Apr 27, 2009

From the Archives

America’s Seven Faith Tribes Hold the Key to National Restoration

Apart from the current economic woes of the nation, bestselling author and researcher George Barna warns that the United States is immersed in a serious decline that shows no signs of reversal –and that it is not politicians but the country’s dominant faith communities that hold the key to restoring the nation to strength and stability.

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Citing statistics that underscore the demise of the U.S. in its fundamental institutions – such as families, schools, media, churches, and government – Barna shared research results from his analysis of more than 30,000 personal interviews with Americans that outlined the identity, nature and restoration potential of the seven dominant religious groups – which he entitled “faith tribes” – in America.

The Impetus for Demise

Asked why the nation is in a downward spiral, the author of more than 40 books about American culture, faith and leadership noted the dramatic shift in goals and values that has redefined the United States in the past three decades.

“We have shifted our energy from a willingness to work hard toward achieving significant outcomes to an attitude of entitlement,” Barna noted. “Instead of merely accumulating and enjoying leisure time to get refreshed, we now use it to express ill-formed, narrow-minded opinions that preclude dialogue and personal learning. We expect the market to pander to our needs in customized and personalized ways, producing a fragmented marketplace. We have transitioned from having a commitment to the common good based on shared values to an emphasis on personal good and individual values.

“In the midst of all these – and other – transitions,” Barna continued, “our religious communities have not adapted well to the challenges of the day. Rather than facilitate people’s commitment to positive, life-affirming values and dedication to serving others, and living a balanced and moral life, churches and other ministries have fallen prey to the competitive spirit of the American system. Many of our religious organizations have focused on competing for bodies, dollars and talent rather than upholding core values such as service, obedience, simplicity, purpose, responsibility, accountability, humility, compassion and community. Without our faith tribes playing their historic role as the moral and spiritual leaders of the nation, we have taken our values cues from the political and business sectors. That has lowered the bar on character and vision. That, in turn, has led the nation to deteriorate from a place on unity amidst diversity to a place of individualism amidst competition for personal comfort and supremacy.”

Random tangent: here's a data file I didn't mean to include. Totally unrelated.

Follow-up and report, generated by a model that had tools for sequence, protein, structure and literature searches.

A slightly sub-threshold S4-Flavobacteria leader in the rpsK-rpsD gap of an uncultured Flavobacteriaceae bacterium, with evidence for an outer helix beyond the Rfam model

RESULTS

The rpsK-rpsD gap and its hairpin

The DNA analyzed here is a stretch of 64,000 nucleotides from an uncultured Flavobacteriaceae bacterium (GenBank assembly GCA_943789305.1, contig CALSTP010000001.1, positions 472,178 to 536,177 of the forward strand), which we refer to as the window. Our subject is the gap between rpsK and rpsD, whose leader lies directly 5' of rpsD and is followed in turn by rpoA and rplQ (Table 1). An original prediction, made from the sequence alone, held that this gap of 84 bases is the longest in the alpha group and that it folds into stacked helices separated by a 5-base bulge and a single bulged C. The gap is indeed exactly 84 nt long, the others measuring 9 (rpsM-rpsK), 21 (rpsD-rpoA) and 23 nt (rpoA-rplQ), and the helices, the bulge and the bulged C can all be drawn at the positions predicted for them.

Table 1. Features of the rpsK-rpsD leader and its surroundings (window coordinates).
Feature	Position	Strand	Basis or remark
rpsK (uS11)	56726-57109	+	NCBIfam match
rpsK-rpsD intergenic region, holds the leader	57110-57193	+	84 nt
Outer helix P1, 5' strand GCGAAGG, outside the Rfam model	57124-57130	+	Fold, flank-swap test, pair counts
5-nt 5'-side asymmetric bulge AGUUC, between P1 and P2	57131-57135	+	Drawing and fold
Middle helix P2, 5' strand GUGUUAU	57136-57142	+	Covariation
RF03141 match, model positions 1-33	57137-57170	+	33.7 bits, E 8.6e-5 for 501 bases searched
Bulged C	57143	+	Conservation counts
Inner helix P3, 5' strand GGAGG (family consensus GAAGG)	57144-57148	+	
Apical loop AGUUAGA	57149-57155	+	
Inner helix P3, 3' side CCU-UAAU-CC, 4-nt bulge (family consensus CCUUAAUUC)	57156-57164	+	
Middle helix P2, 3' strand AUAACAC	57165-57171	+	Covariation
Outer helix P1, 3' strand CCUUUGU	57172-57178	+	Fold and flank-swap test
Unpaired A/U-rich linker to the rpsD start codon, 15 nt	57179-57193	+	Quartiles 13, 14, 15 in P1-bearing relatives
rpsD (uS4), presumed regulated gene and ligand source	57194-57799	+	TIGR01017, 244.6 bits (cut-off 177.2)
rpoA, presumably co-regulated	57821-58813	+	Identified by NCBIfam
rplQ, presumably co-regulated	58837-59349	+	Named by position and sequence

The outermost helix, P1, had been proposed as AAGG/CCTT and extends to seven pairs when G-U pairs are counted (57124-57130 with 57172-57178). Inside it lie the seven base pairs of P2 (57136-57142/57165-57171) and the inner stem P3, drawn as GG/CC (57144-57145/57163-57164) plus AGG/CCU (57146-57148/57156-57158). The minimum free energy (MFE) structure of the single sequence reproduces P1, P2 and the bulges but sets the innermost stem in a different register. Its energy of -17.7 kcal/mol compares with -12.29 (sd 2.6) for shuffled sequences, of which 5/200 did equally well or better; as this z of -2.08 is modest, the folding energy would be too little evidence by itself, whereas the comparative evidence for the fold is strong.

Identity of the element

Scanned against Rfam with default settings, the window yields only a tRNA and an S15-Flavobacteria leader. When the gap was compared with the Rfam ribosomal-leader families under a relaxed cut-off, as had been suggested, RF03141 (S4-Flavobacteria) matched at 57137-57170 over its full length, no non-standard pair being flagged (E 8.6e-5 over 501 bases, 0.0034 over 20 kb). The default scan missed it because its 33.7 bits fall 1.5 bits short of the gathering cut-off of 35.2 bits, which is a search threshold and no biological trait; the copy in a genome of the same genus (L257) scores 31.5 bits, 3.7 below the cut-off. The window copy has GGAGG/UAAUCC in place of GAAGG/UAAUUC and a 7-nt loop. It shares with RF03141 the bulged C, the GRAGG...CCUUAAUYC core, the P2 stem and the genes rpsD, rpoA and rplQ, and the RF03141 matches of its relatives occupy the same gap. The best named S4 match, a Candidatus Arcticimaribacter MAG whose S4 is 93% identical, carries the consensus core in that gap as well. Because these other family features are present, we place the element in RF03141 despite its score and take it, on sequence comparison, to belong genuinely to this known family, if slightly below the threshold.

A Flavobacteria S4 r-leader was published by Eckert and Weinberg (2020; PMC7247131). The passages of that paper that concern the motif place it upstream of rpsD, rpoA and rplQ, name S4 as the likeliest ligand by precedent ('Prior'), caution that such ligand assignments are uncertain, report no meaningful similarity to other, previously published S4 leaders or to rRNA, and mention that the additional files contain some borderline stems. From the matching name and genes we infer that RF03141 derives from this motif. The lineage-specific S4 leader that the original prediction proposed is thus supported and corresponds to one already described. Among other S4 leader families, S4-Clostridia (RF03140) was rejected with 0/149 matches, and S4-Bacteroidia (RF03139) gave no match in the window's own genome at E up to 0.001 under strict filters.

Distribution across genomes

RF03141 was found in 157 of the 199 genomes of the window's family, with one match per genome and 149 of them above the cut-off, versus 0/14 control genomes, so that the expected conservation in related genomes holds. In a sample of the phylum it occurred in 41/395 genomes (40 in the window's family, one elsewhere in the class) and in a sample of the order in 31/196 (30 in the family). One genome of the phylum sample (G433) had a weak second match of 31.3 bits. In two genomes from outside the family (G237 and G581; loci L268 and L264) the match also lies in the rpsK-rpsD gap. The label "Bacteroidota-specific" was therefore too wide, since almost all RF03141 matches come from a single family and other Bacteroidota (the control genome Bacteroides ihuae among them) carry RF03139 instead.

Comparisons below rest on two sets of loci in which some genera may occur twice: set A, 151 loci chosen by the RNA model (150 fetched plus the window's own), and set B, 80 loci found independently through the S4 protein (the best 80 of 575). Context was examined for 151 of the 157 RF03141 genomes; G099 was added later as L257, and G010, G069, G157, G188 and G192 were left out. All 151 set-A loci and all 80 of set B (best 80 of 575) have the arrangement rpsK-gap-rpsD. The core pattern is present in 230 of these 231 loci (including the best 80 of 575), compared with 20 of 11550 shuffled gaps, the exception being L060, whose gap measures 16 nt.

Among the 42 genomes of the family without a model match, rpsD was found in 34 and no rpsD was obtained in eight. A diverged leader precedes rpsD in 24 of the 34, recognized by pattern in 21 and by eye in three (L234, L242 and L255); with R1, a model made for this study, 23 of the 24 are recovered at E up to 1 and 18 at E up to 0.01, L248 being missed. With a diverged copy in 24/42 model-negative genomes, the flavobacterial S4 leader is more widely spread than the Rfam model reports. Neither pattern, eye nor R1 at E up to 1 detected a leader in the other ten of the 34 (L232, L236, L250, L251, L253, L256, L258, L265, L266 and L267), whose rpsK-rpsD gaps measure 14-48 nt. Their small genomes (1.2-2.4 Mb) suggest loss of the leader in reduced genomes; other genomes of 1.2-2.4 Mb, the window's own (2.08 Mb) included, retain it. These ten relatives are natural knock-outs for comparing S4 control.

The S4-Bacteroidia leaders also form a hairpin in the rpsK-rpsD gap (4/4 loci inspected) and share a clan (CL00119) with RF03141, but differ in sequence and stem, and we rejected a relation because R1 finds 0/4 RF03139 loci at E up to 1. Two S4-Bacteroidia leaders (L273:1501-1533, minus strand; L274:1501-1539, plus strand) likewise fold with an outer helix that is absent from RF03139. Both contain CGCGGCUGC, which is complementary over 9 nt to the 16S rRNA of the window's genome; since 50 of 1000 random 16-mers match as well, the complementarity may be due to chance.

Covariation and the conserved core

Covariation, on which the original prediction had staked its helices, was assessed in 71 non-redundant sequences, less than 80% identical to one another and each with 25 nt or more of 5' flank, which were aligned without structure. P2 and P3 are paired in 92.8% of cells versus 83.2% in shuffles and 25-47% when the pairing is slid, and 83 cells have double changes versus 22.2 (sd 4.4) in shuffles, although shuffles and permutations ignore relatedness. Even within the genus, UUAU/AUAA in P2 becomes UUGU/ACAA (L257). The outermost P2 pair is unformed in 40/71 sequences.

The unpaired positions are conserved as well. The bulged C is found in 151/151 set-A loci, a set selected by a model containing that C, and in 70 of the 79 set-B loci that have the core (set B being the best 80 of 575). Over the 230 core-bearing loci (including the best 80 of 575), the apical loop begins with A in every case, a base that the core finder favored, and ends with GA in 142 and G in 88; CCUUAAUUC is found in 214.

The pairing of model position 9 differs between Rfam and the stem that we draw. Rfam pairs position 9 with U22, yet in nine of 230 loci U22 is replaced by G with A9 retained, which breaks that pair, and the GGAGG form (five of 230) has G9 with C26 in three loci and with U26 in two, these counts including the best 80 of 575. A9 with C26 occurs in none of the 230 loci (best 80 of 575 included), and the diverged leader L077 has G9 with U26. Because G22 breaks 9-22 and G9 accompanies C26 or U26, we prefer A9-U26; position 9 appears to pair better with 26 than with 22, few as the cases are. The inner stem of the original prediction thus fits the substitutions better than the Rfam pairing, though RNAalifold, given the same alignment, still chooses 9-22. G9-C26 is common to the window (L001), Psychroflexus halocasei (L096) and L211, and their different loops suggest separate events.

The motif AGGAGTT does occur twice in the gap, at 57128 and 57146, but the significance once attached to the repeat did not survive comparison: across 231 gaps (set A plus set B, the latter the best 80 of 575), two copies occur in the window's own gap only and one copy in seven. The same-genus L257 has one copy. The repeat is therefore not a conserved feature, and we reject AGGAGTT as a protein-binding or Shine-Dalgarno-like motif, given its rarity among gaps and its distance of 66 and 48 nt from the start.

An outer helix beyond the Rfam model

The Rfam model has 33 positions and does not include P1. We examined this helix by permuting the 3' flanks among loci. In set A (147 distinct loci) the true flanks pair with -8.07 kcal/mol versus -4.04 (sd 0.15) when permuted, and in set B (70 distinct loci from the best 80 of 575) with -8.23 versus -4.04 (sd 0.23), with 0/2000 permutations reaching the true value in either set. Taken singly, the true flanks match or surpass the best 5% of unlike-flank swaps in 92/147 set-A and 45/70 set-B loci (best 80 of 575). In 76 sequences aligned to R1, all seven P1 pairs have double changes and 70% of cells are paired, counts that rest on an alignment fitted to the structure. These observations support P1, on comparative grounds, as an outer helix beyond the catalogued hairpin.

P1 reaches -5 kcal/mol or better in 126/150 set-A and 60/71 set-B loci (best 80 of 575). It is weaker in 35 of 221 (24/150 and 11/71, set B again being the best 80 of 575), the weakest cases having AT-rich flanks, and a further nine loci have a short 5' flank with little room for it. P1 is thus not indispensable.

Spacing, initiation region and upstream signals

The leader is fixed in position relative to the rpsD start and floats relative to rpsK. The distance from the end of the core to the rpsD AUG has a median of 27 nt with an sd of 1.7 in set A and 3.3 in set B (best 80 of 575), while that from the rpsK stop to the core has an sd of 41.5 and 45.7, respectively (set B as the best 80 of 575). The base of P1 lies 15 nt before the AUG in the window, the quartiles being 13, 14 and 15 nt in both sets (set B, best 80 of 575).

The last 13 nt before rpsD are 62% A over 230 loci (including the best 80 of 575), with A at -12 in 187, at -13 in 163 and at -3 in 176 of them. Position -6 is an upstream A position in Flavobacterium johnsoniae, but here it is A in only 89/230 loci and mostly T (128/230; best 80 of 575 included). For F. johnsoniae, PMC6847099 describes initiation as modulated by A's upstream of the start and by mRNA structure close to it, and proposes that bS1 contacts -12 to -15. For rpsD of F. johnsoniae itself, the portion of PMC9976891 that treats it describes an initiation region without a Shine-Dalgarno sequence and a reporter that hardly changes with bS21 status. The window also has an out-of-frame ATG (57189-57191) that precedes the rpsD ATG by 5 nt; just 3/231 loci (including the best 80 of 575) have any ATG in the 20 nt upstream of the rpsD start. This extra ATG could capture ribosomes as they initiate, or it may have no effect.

Barna indicated that by ignoring the foundational values that built America has produced five dangerous outcomes:

  • the absence of a shared vision of the future
  • confusion regarding appropriate values for decision-making
  • the elimination of a sense of the common good
  • the deterioration of respectful dialogue and the fruitful exchange of competing ideas
  • and the abandonment of moral character and personal decency

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The Seven Tribes